The Chinook salmon situation has reached “disaster” level.
The National Oceanic and Atmospheric Administration declared today in Portland that the West Coast’s drop in salmon numbers has led to a commercial fishery failure.NOAA Fisheries today also issued regulations to close or limit recreational and commercial fishing in the area.
This is a first step toward providing federal disaster assistance to commercial and charter salmon fishermen in California, Oregon and Washington.
Fishing season was cut back because of a severe salmon decline in the Sacramento River. Hundreds of thousands of these fish typically spawn there each year, but scientists estimated that less than 60,000 adult salmon will make it back to the river.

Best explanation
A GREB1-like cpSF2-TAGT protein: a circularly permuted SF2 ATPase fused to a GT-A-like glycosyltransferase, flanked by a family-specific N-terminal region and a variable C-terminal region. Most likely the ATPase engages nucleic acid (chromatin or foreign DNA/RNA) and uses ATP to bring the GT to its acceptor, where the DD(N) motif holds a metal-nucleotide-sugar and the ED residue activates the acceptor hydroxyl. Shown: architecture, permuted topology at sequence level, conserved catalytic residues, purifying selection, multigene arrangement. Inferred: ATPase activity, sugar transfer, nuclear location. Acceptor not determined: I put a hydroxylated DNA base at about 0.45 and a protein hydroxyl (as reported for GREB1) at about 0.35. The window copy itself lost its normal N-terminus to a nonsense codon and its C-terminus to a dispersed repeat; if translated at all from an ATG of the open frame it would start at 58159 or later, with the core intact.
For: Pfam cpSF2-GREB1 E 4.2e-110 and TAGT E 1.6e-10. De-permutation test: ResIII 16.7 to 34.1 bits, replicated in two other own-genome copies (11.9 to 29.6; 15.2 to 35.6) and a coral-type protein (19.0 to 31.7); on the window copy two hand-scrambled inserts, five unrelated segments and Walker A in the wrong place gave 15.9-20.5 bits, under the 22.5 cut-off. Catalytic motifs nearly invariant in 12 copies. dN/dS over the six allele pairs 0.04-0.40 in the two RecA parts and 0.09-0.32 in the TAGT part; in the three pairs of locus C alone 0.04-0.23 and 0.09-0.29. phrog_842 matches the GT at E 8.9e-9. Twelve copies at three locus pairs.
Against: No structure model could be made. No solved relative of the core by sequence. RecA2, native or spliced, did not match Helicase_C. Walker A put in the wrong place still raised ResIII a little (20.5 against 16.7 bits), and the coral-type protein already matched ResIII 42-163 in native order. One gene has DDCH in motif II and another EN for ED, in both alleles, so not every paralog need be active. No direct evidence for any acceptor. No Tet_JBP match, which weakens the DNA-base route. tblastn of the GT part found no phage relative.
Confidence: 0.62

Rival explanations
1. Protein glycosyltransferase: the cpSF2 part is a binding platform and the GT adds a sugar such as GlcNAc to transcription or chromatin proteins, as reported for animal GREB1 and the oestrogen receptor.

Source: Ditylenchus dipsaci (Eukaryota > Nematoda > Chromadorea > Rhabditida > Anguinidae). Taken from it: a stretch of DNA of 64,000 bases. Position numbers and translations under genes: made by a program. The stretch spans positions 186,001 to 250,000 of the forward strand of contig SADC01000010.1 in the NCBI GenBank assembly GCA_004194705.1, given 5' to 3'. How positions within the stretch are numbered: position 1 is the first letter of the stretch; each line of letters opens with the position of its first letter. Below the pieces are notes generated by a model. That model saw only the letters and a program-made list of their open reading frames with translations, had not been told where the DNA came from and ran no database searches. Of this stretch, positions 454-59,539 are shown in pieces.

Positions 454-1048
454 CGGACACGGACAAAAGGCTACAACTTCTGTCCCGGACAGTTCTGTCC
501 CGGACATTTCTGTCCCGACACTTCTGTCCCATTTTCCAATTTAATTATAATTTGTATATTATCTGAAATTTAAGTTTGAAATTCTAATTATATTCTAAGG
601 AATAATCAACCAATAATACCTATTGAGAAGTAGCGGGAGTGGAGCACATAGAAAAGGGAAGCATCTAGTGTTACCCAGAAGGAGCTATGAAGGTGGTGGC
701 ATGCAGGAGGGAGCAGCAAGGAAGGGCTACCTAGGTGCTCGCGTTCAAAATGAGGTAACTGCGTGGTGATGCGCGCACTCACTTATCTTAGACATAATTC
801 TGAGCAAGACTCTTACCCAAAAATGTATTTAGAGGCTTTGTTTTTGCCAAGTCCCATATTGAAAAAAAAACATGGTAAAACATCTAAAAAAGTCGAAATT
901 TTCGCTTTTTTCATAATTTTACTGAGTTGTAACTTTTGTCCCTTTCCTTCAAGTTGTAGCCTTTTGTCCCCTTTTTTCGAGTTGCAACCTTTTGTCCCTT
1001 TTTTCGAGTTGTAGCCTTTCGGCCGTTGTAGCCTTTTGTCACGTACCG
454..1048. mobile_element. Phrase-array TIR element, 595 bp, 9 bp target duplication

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The Merced area has suffered the affects of the decline. Recent surveys found only 520 Chinook salmon in the Merced River, down from 1,470 the year before -- and well below the 10,000 counted during 2001 and 2002.
The situation has concerned managers at the Merced River Hatchery in Snelling, as well as educators in the area who lead school programs to raise and release the fish.
Reasons for the decline are still being studied. Scientists suggest changes in ocean conditions, river water quality, changing weather temperatures and predators. ---Dhyana Levey and Associated Press